Actually the No. 1 software firm in Vietnam must be the pirates, but I digress. There’s much more to the article, but the implication is that Microsoft, unlike the music industry, isn’t doing all it could to eliminate piracy for fear of open source software and because they are intentionally pushing a more nuanced approach in hopes that the Third World locals eventually get converted into paying customers. I’m not sure how well that works with confirmed anticapitalists like Venezuela’s Hugo Chavez, but maybe there’s a play with the state sponsored capitalists in China. It sure gives a different perspective to the announcements from last week:

TCL and Microsoft Join Hands to Promote Intellectual Property Protection in China

TCL Group, one of the leading PC manufacturers in China, today signed a genuine Windows® cooperative engagement agreement with Microsoft Corp. According to the agreement, the two companies are committed to working together to promote the use of validly licensed versions of Microsoft® software products on TCL-branded personal computer products for the Chinese market through joint marketing and other engagement. The agreement will help enhance the use of genuine software, and the respect for and protection of intellectual property in China.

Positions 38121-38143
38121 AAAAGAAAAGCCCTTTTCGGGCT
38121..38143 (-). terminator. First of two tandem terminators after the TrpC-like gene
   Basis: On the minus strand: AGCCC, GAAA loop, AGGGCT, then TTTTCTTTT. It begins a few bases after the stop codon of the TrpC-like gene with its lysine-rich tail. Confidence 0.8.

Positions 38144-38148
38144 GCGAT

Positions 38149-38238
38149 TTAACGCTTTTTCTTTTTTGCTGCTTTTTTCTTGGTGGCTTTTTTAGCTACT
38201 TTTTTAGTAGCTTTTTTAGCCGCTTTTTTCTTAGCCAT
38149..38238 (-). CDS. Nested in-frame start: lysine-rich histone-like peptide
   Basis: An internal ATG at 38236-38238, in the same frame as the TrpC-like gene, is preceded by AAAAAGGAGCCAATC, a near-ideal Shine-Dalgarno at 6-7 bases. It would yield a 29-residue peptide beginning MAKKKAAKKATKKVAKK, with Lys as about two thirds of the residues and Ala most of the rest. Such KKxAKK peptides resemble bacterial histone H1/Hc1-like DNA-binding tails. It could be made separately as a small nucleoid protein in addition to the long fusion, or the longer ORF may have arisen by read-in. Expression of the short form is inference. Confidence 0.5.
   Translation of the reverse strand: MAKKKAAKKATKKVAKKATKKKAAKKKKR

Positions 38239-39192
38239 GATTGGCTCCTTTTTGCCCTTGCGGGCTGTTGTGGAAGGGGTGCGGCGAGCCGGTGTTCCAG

“Starting in June, TCL will pre-install genuine Windows software on all its PC product lines and plans to purchase licenses of Windows worth $60 million for the coming three years,” said Yang Weiqiang, vice president of TCL Group. “TCL is committed to intellectual property rights protection because we understand our customers can benefit from higher quality, security, reliability, product support and a better user experience by using genuine software.”

Tongfang and Microsoft Agree to Enhance Cooperation in Promoting Genuine Software Use in China